David Hasselhoff stars in a new short film, called It’s No Game, in which his dialogue was entirely written by an AI called Benjamin.
With the prospect of automation claiming many people’s jobs, it’s no wonder why everybody’s feeling a bit wary of the new technology. However, up until recently, creatives have been feeling relatively safe. It’s not feasible to think that artificial intelligence could ever replicate the artistic nature of humankind. Yet, it looks like even the creatives aren’t safe.
There have been stories of AI platforms replacing people in marketing, Coca-Cola for example is going to see whether AI can make better adverts than humans. In Japan, AI has already begun directing commercials, which have been positively received by adverting executives. Now, we have a new short film, starring David Hasselhoff, called ‘It’s No Game’, in which his dialogue was entirely written by an AI scriptwriter called Benjamin.
The dialogue itself is a bit jumbled, and doesn’t make much sense. What director Oscar Sharp and AI researcher Ross Goodwin did was create a neural network and fed it some lines of dialogue from science-fiction films. The AI, called Benjamin, then used all of this data to write a script for a film called ‘Sunspring’, which you can find on Ars Technica Videos‘ YouTube channel, featuring Silicon Valley’s Thomas Middleditch.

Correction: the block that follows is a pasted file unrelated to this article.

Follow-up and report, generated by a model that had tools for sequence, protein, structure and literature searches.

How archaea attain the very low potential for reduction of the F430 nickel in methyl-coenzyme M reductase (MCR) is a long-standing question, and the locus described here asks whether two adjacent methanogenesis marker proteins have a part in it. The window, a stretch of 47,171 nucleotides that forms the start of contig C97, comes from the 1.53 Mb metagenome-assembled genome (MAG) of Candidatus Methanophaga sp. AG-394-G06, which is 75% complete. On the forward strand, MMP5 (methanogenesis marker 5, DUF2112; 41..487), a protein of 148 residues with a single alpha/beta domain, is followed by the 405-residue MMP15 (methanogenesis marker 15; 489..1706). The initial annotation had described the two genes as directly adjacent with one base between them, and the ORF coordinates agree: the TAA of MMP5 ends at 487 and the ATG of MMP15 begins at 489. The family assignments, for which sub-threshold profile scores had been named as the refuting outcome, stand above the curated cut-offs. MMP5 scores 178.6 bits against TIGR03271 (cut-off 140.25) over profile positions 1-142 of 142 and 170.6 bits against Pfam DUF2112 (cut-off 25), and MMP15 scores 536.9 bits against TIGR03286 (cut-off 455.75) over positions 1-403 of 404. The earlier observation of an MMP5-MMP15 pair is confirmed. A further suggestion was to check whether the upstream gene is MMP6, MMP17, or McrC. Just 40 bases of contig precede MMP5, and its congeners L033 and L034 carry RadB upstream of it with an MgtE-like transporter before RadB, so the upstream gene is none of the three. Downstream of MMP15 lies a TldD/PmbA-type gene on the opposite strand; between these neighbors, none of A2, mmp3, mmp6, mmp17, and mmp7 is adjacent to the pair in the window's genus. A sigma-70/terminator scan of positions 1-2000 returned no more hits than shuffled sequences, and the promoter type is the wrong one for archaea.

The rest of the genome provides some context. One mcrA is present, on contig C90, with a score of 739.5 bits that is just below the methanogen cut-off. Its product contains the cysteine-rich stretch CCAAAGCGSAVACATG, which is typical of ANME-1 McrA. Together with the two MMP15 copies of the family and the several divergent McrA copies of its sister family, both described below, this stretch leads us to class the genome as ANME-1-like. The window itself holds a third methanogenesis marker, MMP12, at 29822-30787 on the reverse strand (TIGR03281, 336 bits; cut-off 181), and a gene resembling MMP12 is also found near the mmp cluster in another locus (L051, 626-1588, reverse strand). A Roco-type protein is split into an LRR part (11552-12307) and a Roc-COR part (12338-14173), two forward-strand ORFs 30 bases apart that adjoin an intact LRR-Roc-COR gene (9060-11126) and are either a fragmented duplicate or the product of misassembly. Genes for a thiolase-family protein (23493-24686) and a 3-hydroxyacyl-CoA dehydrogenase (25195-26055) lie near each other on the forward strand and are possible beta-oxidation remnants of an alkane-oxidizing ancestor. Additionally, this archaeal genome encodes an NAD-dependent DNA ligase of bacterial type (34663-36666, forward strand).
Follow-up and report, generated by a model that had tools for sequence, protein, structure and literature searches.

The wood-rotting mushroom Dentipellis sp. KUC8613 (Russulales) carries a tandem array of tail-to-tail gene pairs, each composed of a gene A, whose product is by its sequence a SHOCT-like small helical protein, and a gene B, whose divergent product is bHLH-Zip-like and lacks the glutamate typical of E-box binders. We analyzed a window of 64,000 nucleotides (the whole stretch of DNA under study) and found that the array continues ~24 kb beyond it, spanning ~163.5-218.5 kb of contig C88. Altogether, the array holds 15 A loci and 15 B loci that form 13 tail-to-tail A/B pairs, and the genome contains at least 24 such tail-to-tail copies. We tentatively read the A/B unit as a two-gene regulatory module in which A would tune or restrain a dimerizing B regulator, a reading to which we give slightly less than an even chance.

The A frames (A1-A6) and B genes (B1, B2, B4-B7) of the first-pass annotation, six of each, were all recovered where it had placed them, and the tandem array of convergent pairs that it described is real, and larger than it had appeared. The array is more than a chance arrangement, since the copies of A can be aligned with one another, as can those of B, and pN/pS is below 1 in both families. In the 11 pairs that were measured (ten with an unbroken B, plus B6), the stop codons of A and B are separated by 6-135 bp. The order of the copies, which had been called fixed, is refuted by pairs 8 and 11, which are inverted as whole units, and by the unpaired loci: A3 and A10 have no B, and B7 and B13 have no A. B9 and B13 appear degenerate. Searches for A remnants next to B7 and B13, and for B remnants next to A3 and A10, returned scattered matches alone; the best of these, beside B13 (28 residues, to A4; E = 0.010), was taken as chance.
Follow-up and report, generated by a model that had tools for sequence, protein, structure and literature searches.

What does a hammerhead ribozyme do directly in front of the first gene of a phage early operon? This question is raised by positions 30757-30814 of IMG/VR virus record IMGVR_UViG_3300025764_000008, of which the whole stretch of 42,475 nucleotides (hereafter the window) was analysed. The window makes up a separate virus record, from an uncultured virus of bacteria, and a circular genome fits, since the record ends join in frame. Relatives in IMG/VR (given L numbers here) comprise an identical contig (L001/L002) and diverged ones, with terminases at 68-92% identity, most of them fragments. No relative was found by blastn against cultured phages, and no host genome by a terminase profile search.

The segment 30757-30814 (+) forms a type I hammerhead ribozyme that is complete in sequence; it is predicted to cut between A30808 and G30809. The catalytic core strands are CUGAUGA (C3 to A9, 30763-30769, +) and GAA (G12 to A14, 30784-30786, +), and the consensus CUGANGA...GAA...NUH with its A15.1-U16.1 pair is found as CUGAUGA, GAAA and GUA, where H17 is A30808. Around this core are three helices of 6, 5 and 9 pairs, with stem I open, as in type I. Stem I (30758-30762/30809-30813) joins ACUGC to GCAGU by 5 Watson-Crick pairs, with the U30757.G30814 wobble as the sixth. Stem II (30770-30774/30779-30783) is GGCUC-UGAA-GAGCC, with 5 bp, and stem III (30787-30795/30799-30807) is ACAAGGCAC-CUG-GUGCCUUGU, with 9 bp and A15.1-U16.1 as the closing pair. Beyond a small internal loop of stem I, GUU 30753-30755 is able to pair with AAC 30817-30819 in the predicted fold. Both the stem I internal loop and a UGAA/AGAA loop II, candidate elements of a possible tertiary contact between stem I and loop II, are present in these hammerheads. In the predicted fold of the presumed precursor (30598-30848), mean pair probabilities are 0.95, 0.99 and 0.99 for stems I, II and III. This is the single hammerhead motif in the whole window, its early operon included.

Yet, with ‘It’s No Game’, Benjamin went ever further down the AI rabbit hole, by actually incorporating its previous film into its plot. In ‘It’s No Game’, ‘Sunspring’ was a world-changing film that lead to the AI actually being able to take over people’s actions and speech, by making them recite lines from old movies.
To sum it all up, a director and AI researcher developed an AI which wrote a mad science-fiction script, and they then got it to write another one, incorporating even more self-aware references. It all ends with David Hasselhoff sitting on the floor in his iconic red Baywatch swimming trunks, looking straight at the camera and delivering one of the best, if incomprehensible, monologues of his career.
“I don’t know who the hell I am. I don’t know why the hell I am. I want to be a man. I’ve got to get out of here.” Could Hasselhoff’s lines be a pile of nonsense, or is it Benjamin reaching out to us, telling us that he wants to be a real human? Who knows…